Sunday, February 23, 2014

Polytheogenesis: The Emergence of the Gods (2/23/14)

Polytheogenesis:  The Emergence of the Gods
John Shuck

First Presbyterian Church
Elizabethton, Tennessee

February 23, 2014

When the Most High apportioned the nations,
when he divided humankind,
he fixed the boundaries of the peoples
according to the number of the gods;
the Lord’s own portion was his people,
Jacob his allotted share.
Deuteronomy 32:8-9

Peering into the ancient past from a cultural context that long ago abandoned primitive polytheism, we too often fail to appreciate that, inasmuch as the gods were created by human imagination to explain natural phenomena, they were just as much concepts of primitive science as they were of primitive religion.  Just as modern physicists have created such terms as electrons, quarks and black holes in order to explain natural phenomena, the ancients created terms like spirits, jinn, angels, devils and gods…”
Lloyd Geering, From the Big Bang to God, p. 102

Your car won’t start.   You turn the key and you hear wuhhh, wuhhh, wuhhh.   You pat the car on the dashboard.  

“Come on, baby.  Come on.”   Wuhhh, wuhhh, wuhhh.

Finally, when you realize that the car will not obey, in frustration you hit the dash board harder, “Stupid car!”

You speak to the car as if it could hear you or could act or had a will.   You speak to it as if it were an agent.    Why do you do that?  You might say that you don’t really mean to, that you know better.  Of course.   Absolutely you know better.   

But you do it anyway.    It can be a car, a lawnmower, a raincloud, the sun, “Come on sun, come on out and shine.”   We know better.  But we do it anyway.   We may even laugh at ourselves for doing it.  

Play a game and notice it.  Notice when you or someone else treats an inanimate object as if it were an agent.   

“That table cloth wants a cleaning.”

“That cupcake is speaking to me.  I can hear it calling my name.”

“The moon is showing off tonight.”

Now, of course we don’t mean it literally.  We are being poetic.    Poetry, stories and songs are full of this attribution of agency to inanimate things:

“The bottle was my friend but now it wants me dead.”

“Thank God and Greyhound you’re gone.”

Yes, we are playing.  But why?  Why do we do that?   

The answer may go way back, way before human beings even.  It might be a matter of survival.   Your dog hears a noise and is immediately on high alert.   Why?  No the question is, “Who?”  Your dog connects noise with an agent.  Somewhere in evolutionary history, animals survived by linking noises with agents.   The noise of a breaking stick could signify lunch.    It could be lunch or I could be its lunch.   Every noise signaled the possibility of predator or prey.  Better safe than sorry.    That trick of giving agency to sights, sounds, smells, even the change of air pressure or temperature on skin provided a survival advantage to animals that were faster than others in making those connections.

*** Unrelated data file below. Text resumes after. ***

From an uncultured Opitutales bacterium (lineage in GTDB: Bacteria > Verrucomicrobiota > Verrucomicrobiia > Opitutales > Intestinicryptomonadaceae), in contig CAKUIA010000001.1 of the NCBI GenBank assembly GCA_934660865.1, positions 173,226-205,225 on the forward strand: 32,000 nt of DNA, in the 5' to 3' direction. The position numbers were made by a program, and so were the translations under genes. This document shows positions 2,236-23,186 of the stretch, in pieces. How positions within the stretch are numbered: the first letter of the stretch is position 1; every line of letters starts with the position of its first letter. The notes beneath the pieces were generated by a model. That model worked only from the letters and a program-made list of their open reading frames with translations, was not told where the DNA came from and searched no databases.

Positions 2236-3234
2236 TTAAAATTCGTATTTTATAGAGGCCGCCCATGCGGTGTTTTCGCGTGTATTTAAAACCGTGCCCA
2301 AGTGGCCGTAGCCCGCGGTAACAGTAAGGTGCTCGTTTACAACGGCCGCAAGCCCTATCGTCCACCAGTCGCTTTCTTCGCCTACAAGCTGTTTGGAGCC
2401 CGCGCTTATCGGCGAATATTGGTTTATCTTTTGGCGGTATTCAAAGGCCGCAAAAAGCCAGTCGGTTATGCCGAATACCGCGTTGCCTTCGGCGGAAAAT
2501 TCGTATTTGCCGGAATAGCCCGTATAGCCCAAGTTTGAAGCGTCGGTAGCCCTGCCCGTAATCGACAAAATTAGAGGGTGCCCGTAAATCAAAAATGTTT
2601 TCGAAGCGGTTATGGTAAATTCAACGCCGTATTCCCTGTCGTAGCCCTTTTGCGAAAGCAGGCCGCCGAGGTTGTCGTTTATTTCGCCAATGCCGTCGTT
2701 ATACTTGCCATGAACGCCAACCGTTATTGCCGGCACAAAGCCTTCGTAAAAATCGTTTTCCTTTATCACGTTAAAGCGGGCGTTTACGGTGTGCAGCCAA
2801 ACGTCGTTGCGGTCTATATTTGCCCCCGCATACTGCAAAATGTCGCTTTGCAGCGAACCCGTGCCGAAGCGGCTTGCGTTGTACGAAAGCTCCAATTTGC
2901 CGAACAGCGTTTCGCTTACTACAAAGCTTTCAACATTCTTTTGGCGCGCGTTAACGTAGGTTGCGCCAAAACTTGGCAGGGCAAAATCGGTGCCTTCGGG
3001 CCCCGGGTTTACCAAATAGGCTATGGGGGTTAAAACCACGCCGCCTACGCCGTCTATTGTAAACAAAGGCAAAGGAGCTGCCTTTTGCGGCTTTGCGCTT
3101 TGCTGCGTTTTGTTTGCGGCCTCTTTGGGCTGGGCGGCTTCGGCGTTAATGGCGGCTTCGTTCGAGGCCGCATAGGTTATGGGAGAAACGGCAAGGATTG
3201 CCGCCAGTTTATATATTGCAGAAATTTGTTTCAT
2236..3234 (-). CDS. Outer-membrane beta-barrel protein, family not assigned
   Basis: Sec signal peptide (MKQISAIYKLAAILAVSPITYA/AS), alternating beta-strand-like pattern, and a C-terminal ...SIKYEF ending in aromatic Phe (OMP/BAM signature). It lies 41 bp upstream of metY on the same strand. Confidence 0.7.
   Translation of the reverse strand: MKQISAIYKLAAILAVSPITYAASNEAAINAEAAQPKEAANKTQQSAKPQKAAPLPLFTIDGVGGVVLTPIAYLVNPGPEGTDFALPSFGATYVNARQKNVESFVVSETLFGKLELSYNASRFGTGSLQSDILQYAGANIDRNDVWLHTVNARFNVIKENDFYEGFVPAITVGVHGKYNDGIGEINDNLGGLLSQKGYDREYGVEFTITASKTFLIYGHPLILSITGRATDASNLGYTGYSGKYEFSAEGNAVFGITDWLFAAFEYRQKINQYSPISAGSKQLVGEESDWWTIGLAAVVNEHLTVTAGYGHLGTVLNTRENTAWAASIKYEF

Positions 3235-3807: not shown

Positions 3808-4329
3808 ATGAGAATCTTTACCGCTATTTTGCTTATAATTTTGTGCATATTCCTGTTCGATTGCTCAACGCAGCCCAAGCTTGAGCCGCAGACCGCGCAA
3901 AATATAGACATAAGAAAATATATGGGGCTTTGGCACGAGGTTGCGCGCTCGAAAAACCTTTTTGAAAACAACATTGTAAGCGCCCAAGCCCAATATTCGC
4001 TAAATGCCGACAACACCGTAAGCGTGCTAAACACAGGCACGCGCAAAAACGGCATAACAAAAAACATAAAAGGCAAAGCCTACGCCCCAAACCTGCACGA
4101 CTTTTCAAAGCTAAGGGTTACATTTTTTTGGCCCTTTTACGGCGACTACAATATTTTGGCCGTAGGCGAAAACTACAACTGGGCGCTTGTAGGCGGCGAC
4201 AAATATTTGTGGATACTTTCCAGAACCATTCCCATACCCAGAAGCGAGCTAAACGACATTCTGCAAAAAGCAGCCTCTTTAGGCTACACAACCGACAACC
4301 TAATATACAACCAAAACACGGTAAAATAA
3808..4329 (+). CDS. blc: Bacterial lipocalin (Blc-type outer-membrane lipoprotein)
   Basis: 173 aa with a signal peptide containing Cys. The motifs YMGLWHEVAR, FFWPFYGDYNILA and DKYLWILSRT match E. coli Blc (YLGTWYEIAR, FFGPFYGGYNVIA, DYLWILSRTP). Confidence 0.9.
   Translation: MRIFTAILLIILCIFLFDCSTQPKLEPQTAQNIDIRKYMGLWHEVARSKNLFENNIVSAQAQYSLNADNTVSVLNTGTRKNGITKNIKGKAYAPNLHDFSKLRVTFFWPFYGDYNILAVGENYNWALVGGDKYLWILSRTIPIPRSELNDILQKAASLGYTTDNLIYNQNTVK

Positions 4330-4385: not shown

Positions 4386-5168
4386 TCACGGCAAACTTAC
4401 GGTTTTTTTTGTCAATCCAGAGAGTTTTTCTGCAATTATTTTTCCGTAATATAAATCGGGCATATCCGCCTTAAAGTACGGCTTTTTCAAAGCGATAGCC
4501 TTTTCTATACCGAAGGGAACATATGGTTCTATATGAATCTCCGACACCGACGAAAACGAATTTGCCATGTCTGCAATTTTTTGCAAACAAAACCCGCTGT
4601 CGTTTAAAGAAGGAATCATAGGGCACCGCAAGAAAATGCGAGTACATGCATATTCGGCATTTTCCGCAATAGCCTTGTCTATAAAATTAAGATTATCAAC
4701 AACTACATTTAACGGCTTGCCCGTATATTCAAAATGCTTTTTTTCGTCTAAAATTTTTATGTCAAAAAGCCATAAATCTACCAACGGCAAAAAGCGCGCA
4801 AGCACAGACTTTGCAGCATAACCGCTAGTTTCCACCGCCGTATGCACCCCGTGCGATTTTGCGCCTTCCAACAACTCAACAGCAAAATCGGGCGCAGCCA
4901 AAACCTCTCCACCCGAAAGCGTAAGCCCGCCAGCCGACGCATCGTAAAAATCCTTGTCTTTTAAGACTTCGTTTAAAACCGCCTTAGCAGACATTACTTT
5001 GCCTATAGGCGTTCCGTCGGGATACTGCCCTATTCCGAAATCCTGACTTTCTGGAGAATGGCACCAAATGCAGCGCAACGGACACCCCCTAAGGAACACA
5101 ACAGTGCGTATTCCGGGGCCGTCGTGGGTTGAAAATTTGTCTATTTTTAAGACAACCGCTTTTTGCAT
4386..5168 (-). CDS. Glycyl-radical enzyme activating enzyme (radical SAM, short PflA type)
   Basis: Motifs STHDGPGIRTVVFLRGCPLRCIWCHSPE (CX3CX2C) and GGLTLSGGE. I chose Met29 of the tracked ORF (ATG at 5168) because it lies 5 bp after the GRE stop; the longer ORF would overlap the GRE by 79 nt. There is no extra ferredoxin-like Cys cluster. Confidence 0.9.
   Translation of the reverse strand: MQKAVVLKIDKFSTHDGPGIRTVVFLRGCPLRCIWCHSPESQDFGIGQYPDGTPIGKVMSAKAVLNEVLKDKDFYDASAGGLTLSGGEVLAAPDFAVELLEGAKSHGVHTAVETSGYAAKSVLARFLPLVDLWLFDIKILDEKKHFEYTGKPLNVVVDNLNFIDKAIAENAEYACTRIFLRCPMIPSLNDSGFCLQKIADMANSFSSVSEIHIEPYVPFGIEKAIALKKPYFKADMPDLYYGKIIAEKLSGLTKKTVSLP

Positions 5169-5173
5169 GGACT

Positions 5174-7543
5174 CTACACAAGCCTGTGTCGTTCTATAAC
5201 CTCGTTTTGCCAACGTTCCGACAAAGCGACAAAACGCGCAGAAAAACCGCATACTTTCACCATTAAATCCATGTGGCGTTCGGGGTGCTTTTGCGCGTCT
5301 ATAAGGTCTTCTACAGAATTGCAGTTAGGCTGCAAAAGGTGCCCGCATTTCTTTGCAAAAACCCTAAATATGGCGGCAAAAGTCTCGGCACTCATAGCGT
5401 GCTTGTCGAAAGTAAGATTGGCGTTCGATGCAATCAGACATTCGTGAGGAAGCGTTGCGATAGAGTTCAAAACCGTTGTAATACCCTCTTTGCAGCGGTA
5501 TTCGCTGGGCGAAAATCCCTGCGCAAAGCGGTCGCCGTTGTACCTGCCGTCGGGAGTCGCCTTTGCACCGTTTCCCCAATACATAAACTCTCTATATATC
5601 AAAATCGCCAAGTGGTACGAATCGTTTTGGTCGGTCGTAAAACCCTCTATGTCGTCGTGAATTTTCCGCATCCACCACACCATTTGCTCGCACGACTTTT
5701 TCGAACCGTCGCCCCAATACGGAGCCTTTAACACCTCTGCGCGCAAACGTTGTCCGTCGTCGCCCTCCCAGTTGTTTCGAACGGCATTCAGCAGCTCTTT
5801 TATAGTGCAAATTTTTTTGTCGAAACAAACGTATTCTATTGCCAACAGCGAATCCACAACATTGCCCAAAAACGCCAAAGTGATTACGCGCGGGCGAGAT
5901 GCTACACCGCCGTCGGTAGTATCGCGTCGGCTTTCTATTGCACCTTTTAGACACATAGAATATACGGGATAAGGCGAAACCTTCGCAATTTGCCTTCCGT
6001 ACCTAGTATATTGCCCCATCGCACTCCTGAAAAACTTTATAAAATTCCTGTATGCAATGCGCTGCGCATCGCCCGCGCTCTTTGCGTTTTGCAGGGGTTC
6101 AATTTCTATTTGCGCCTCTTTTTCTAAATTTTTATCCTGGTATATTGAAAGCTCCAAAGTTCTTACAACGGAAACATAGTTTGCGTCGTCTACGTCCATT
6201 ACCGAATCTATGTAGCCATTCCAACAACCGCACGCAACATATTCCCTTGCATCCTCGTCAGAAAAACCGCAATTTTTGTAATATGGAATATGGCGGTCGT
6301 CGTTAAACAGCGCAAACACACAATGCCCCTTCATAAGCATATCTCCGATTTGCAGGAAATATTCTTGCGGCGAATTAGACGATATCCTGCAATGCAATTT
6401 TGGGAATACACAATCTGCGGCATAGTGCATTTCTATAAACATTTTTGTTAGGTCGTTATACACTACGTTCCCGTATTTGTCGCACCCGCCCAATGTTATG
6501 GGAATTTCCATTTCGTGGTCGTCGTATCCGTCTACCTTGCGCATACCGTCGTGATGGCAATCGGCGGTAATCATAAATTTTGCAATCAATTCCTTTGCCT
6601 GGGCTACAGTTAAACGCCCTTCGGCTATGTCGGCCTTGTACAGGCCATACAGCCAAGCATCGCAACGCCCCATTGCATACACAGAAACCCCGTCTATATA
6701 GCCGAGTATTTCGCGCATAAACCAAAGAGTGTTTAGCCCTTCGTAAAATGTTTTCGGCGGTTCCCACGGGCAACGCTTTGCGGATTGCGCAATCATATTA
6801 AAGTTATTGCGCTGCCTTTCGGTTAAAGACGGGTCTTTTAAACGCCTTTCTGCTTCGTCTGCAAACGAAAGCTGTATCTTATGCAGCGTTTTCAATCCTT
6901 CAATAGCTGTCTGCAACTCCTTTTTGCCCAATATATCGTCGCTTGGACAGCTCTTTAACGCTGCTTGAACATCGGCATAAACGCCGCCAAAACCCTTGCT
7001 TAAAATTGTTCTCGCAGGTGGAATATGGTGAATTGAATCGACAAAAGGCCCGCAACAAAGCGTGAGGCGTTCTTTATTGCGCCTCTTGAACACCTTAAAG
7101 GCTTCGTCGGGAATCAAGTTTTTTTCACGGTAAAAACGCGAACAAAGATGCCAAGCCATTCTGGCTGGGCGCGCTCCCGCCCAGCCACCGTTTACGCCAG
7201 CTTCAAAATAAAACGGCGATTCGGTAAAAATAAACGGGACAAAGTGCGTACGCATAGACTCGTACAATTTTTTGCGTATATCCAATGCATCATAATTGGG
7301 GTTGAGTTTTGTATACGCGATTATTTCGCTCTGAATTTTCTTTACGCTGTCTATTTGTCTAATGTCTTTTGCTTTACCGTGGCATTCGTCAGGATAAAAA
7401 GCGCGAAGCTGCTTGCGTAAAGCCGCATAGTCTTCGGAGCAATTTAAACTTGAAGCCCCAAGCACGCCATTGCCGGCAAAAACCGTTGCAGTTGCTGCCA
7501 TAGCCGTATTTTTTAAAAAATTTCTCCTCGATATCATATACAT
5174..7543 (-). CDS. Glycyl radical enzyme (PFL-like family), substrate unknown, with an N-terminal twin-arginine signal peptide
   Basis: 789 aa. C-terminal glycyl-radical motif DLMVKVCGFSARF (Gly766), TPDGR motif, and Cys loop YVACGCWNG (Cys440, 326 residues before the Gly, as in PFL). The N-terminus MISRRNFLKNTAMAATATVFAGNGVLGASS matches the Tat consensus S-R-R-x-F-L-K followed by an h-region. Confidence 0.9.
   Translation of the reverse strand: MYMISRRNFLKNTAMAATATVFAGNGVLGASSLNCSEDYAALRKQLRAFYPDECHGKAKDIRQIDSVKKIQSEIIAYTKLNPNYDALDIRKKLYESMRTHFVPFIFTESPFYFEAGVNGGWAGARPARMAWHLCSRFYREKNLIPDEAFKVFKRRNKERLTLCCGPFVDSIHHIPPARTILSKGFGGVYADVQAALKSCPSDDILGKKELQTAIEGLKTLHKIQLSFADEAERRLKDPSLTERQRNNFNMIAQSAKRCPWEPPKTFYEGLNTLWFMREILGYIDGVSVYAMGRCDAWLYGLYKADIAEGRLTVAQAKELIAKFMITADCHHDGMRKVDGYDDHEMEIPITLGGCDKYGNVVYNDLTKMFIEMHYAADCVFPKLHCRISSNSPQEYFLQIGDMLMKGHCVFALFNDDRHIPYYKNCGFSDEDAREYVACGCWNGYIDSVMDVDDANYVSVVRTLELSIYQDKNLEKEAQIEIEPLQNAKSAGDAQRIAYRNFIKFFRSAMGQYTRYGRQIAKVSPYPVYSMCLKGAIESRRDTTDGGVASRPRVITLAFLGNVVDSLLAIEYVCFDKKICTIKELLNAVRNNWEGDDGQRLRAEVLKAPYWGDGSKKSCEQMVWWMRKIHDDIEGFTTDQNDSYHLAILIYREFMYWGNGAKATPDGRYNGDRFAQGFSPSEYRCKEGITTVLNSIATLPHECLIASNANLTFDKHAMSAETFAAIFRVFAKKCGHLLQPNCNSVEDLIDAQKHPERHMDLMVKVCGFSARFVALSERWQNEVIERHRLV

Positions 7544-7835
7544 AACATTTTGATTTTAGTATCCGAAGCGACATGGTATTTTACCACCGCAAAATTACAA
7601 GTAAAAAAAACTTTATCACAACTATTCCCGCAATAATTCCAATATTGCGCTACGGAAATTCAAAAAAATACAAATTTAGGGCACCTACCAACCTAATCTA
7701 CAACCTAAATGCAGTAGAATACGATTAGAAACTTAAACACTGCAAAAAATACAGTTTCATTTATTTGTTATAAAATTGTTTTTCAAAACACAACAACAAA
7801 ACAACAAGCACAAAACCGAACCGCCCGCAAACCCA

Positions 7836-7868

Now your dog after hearing a noise, responding, and realizing that the threat or opportunity is over, goes back to sleep and forgets about it.   Here is where human beings are different.  Human beings continue to worry over it.  We imagine things and tell stories to ourselves.  Those stories are particularly creative if there is nothing there!   The trick of giving agency to inanimate things aided by the evolutionary development of language led to the explosion of explanation by storytelling.            

The telling of stories to explain the who behind the event is primal and natural.  This orange ball that is so bright it hurts your eyes rises over there, moves across the dome, and dies over there.   Everyday it is born, shines and then dies.  He gives us heat and light.   Who is that?   He is Shemesh.   That is the proper name from one ancient near eastern culture.    Every ancient culture has had a proper name for him.  He is the main guy.   The main god.   

All those little lights in the sky at night.  Who are those guys?  What do they do? Stories get told about them.   The stories are fascinating, beautiful and complex. Maybe that is where father or mother have gone.    Maybe they control what happens to us.  If I study them maybe I can learn my future.

Not just stories about stars and the sun get told.  Forests, mountains, rivers, lakes, lightning, everything is a who.   The world is populated by “whos.”    These whos become goblins, spirits, and forest nymphs, and of course gods.    If these gods and spirits are doing things, it would be important to be in relationship with these beings.     Not only are there stories, but there are rituals and practices designed to help us be in good relationship with those beings who are in control of our lives.